Archive for May, 2010
Sunday, May 30th, 2010 by Zach Hunsaker
Saturday, May 29th, 2010 by Nimesh
We occasionally veer into the superficially cute on this site, rather than go for substance. Well I’m here to say here’s more of that, because cuteness NEVER gets old!
Friday, May 28th, 2010 by Sean
There’s something charming about wasting time. Don’t agree? This man said so and made tons of rubles.
There’s something equally — if not more — charming about wasting time on the Internet. Don’t agree? Well, neither does this man, but he’s unwittingly kicking the proverbial can down the inevitable road.
A week ago today, Google did humanity a solid and provided an innocuous, inconspicuous way to waste eons of time, as long as your speakers were turned off. You may have noticed:
You can’t play our image, but man, could you play theirs. According to the CBC, Google’s playable tribute to the 30-year-old Man of Pac squandered five million man-hours. To put that in perspective, the Great Wall of China was built inside a fortnight.
Somewheres in Seattle, there’s a company called Rescue Time that researches time-management to optimize nine-to-five efficiency. I’m sure they have honest intentions. According to their data, googlers were taking significantly more time to execute searches last Friday: A typical Google search takes about 11 seconds; a Pac-Man google averaged around 47. Booya.
Regrettably, Rescue Time’s president estimated that only a paltry percentage of searchers realized that the logo was playable:
I’d wager that 75 percent of the people who saw the logo had no idea that you could actually play it. Which the world should be thankful for.
We here at Goodosphere respectfully disagree.
Also, Rescue Time should be the title of an edge of your seat sci-fi thriller starring Jean-Claude Van Damme.
Friday, May 28th, 2010 by Sean
This baby’s name is Jonathan. He is 8-months-old and deaf. Science allows him to hear his mother’s voice for the first time and for us to witness the extraordinary moment. Thank you, science.
Thursday, May 27th, 2010 by Nick
You may have heard that the property in Iowa where Field of Dreams was filmed is up for sale.
The farm, which belongs to the Lansing family of Eastern Iowa, was built by Universal Studios for the film in the late 1980s. After the success of Field of Dreams, the farm became a tourist attraction operated by the Lansing family. Now, it can be yours for the paltry sum of $5.4M. (Adjusted for the cost of living in The Hawkeye State, that’s about $10 billion).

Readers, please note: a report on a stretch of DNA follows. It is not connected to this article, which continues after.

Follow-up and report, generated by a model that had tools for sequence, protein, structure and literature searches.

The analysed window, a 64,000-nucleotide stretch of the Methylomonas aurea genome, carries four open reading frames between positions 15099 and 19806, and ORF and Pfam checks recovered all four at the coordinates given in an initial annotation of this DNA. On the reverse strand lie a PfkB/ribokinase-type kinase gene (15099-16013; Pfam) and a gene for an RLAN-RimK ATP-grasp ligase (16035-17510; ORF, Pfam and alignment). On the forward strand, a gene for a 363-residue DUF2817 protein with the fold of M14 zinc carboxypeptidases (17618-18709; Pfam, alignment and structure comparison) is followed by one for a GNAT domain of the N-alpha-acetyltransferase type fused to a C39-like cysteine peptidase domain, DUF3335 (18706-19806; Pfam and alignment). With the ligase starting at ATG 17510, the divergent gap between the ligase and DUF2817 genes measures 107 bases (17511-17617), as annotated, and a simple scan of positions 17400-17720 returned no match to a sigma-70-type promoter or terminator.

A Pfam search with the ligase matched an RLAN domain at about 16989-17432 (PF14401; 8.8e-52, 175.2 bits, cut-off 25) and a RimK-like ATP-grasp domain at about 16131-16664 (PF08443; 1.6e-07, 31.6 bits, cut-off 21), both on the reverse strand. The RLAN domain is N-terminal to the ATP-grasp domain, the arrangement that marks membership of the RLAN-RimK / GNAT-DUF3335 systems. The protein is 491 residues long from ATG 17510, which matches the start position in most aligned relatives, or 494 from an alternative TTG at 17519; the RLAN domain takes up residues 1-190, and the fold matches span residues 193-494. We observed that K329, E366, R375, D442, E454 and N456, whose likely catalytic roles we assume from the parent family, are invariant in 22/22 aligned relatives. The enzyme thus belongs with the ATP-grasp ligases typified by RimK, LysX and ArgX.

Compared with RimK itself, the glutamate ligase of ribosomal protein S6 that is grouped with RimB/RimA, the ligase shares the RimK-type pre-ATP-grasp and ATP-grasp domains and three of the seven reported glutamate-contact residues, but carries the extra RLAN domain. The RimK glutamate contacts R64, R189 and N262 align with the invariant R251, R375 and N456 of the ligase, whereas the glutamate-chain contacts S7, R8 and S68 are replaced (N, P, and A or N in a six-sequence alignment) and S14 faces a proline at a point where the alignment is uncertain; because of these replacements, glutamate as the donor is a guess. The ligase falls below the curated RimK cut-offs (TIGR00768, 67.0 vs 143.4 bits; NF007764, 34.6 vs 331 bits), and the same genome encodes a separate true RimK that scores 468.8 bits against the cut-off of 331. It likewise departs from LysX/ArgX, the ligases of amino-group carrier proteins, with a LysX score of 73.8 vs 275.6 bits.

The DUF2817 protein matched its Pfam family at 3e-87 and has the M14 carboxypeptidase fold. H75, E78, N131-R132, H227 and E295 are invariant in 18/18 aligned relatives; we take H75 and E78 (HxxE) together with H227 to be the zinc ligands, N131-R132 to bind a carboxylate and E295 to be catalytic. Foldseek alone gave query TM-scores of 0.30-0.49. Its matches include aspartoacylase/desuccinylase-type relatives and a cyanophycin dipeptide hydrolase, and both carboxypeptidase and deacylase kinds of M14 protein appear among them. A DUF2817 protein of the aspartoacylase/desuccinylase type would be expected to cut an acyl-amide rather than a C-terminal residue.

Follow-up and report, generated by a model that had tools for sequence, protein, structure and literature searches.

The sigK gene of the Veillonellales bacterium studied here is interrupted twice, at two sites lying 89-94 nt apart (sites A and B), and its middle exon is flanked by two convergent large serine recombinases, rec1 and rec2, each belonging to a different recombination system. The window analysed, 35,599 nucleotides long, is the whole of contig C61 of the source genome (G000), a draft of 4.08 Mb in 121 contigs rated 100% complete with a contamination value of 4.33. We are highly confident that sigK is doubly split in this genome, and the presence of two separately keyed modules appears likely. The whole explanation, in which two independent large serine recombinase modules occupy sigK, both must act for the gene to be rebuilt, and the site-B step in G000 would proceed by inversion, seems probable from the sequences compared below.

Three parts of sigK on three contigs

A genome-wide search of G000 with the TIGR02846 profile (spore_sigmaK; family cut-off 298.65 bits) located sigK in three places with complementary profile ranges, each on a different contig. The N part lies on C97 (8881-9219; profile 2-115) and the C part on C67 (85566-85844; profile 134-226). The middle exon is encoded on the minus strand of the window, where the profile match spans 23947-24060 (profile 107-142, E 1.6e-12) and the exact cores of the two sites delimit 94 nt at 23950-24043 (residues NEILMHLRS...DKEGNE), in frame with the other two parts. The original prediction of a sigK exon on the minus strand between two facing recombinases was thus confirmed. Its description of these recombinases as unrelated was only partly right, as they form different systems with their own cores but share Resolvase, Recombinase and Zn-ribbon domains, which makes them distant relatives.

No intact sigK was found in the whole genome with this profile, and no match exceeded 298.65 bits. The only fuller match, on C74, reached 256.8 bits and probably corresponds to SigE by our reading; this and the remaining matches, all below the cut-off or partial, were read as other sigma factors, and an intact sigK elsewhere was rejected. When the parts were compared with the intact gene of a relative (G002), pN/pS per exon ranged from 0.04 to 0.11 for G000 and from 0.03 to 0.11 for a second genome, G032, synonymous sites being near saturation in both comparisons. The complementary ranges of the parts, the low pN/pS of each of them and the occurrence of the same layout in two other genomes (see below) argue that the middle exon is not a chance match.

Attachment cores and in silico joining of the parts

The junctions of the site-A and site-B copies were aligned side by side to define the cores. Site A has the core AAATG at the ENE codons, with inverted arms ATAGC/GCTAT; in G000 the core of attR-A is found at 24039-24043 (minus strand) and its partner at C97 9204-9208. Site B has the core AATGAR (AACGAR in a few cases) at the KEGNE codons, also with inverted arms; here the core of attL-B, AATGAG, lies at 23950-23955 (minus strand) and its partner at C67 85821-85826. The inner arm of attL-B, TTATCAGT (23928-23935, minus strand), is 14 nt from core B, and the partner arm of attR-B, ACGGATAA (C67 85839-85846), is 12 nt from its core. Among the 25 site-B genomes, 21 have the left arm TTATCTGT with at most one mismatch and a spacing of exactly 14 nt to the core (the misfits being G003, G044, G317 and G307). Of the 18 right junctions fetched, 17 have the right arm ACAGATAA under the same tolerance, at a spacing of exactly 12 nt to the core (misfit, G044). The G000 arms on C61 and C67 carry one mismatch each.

Still, it’s hard to deny that owning the actual Field of Dreams would be fun. Softball with your chums would be all the more interesting when the liminal spirits of baseball’s greats wandered in from the corn.
Wednesday, May 26th, 2010 by Katie Norris
Monday, May 24th, 2010 by Sean
A naive melody for another Monday I failed to spend dancing with a lamp:
Friday, May 21st, 2010 by Sean
In the age of Netflix, torrents, and page turning on a svelte plane of glass, it’s easy to forget that your local librarian cares and loves to share. Lest we forget, going to the library is one of the greatest downloads of all time.
New York knows. Well, the city’s officials certainly don’t — luxuries like knowledge are sadly the first to go when the times get tough. The city of New York is proposing a $37 million dollar cut to the New York Public Library (NYPL), but the NYPL is busting back with a winsome public relations campaign, enlisting the help of comedy group Improv Everywhere and various somethings strange:
Hoping to stave off the measure that would potentially close 10 libraries and drastically cut back hours, the library dug in its heels with a 21st century PR onslaught. Once they employed the services of their friendly neighborhood Ghostbusters, librarians across the city were at long last able to assure bygone patrons that it was indeed safe to return to the vaulted ceilings and endless shelves for some socialized librarycare.
Thursday, May 20th, 2010 by Nick
As a kid, I loved 1981’s The Fox and the Hound (tearful tale that it is). I have to say though, The Raccoon and the Hound might make one helluva sequel:
I wonder what percentage of raccoons in captivity are named “Bandit”. Probably at least as many as there are dogs named “Scout”. Also, is the videographer wearing any pants? What the hell kind of house is this?
Next, we have these tender warriors who really made me chuckle:
Who knew this was such a thing? These might be the most adorable playfighting pets I’ve ever seen. Here’s to our urban critters and domesticated wolves living in faux-ferocious harmony.
Wednesday, May 19th, 2010 by Katie Norris